Jack Osment, Charlotte 28211, Troop 11, Providence United Methodist Church, Lynn and Bob Osment.

“I led the effort to build new triple jump and long jump pits for the Track and Field facilties at Myers Park High School.The previous pits were several decades old and had become overgrown.We dug up weeds and removed all of the old sand from each pit. The old pits did not have frames so new frames were built and installed to provide better support for each pit. After almost 200 man hours and with the assistance of 19 volunteers, we shoveled 20 tons of sand to fill the newly framed pits.

“Leading by example is key. In order to be an effective leader one must be willing to work along side your volunteers while also appropriately delegating other tasks.”

Iain Patrick O’Shea, Charlotte 28278, Troop 167, Good Shepherd United Methodist Church, Paul and Wanda O’Shea.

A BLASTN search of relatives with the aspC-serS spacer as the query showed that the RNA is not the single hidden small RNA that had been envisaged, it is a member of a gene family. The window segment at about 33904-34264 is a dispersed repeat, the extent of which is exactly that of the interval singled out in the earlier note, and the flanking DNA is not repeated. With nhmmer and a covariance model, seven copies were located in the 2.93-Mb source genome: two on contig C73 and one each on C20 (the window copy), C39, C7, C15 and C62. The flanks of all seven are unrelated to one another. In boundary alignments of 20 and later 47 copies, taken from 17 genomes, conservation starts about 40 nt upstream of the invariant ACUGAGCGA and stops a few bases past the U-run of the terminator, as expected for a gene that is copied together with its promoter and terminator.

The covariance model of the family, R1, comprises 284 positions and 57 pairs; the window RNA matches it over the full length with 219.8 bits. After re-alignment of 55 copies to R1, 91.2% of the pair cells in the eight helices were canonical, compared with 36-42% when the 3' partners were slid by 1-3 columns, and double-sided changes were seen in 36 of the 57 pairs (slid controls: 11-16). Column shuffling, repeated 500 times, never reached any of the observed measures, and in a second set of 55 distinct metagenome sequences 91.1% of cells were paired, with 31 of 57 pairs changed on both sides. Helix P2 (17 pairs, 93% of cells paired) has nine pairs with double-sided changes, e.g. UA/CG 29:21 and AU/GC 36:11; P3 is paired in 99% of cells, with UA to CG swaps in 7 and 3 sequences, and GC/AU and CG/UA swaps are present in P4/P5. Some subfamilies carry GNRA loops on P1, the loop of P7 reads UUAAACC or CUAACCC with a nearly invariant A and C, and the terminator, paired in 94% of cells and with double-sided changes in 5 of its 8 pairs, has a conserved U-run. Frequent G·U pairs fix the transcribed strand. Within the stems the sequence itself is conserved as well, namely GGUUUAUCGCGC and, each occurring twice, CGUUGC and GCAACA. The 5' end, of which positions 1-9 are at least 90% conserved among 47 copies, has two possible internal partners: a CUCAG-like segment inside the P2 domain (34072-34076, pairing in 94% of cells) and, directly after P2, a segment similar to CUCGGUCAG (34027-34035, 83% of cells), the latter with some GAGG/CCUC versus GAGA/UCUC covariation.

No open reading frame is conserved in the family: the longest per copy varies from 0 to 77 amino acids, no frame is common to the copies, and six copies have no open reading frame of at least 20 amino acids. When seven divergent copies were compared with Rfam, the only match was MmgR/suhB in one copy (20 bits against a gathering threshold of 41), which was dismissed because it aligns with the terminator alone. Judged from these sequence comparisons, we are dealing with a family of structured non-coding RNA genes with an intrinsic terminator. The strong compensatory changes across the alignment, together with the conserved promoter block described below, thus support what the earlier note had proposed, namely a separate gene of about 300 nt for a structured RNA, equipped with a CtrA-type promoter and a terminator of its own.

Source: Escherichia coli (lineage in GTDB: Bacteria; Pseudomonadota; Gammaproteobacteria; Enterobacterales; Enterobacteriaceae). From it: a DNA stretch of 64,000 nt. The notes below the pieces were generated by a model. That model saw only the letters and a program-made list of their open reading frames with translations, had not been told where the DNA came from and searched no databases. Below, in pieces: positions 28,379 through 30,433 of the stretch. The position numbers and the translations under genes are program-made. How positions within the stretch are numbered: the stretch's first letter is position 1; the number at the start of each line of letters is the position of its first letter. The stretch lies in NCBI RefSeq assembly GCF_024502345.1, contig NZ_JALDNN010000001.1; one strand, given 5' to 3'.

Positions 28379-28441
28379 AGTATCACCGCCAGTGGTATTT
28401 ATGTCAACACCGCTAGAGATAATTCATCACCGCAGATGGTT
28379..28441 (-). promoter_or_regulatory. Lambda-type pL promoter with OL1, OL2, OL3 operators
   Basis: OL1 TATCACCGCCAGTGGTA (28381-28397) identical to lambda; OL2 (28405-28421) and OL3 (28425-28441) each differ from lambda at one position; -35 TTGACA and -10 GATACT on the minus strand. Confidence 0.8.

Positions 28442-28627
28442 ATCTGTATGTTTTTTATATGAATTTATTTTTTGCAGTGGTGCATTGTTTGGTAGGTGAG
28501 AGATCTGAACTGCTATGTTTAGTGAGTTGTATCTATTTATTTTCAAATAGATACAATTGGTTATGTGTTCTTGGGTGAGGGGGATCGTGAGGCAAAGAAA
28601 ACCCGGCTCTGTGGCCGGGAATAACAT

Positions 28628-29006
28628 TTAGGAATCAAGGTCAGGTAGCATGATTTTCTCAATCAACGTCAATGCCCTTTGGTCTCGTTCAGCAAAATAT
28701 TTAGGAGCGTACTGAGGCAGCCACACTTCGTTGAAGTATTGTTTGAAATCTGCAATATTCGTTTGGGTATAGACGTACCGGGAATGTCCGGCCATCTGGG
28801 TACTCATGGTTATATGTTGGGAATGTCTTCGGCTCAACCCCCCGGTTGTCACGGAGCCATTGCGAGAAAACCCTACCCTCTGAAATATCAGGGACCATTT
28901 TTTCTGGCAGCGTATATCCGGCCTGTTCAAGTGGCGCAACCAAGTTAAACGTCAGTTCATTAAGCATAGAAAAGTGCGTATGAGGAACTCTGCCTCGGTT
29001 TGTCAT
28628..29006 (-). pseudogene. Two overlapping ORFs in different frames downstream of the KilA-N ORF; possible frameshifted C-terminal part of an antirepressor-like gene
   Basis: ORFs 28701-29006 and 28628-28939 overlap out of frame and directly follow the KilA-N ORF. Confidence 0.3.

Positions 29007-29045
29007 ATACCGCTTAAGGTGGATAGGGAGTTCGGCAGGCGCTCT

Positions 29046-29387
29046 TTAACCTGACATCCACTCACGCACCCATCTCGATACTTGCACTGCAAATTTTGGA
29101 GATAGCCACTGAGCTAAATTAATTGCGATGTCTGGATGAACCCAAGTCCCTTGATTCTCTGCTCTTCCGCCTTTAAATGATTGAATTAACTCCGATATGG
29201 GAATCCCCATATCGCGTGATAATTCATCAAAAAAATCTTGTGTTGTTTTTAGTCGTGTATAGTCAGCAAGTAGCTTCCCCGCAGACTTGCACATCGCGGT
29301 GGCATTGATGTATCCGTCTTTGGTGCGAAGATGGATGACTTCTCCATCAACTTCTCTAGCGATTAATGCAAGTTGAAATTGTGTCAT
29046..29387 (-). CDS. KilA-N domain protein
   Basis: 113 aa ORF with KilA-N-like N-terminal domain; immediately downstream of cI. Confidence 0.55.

“I lead a project that enhanced a sitting area at Southwest Middle School in Steele Creek, Charlotte, NC. I added two handicap assessable concrete pads, two more rows of benches in an effort to create an area which is welcoming for all. This sitting area looks upon a bird sanctuary already built and provides a suitable area for teachers to educate outside.

“This project taught me how to properly delegate tasks to volunteers in order to see the project run to its successful completion. It taught me how to organize my time, manage my money, and run a smooth project. It also taught me the importance of teamwork as well as the importance of appreciating all of those we helped me along my journey.”

Rusty Ranson, Troop 17, Russell & Anne Ranson.

“My Eagle Project was for the benefit of Sharon Elementary School. With the help of volunteers, I reorganized and reconstructed the textbook closet for the students and teachers at Sharon Elementary. In addition to bettering their storage facility, we repainted their staff lounge and effectively renovated the resource area of their facility.

“In completing my Eagle project, the most important and most valuable things I learned were additional leadership skills. Due to the fact that my project required volunteers, I had to learn how to delegate specific tasks as well as organize a team. These skills were most useful in the completion of my project and therefore most important.”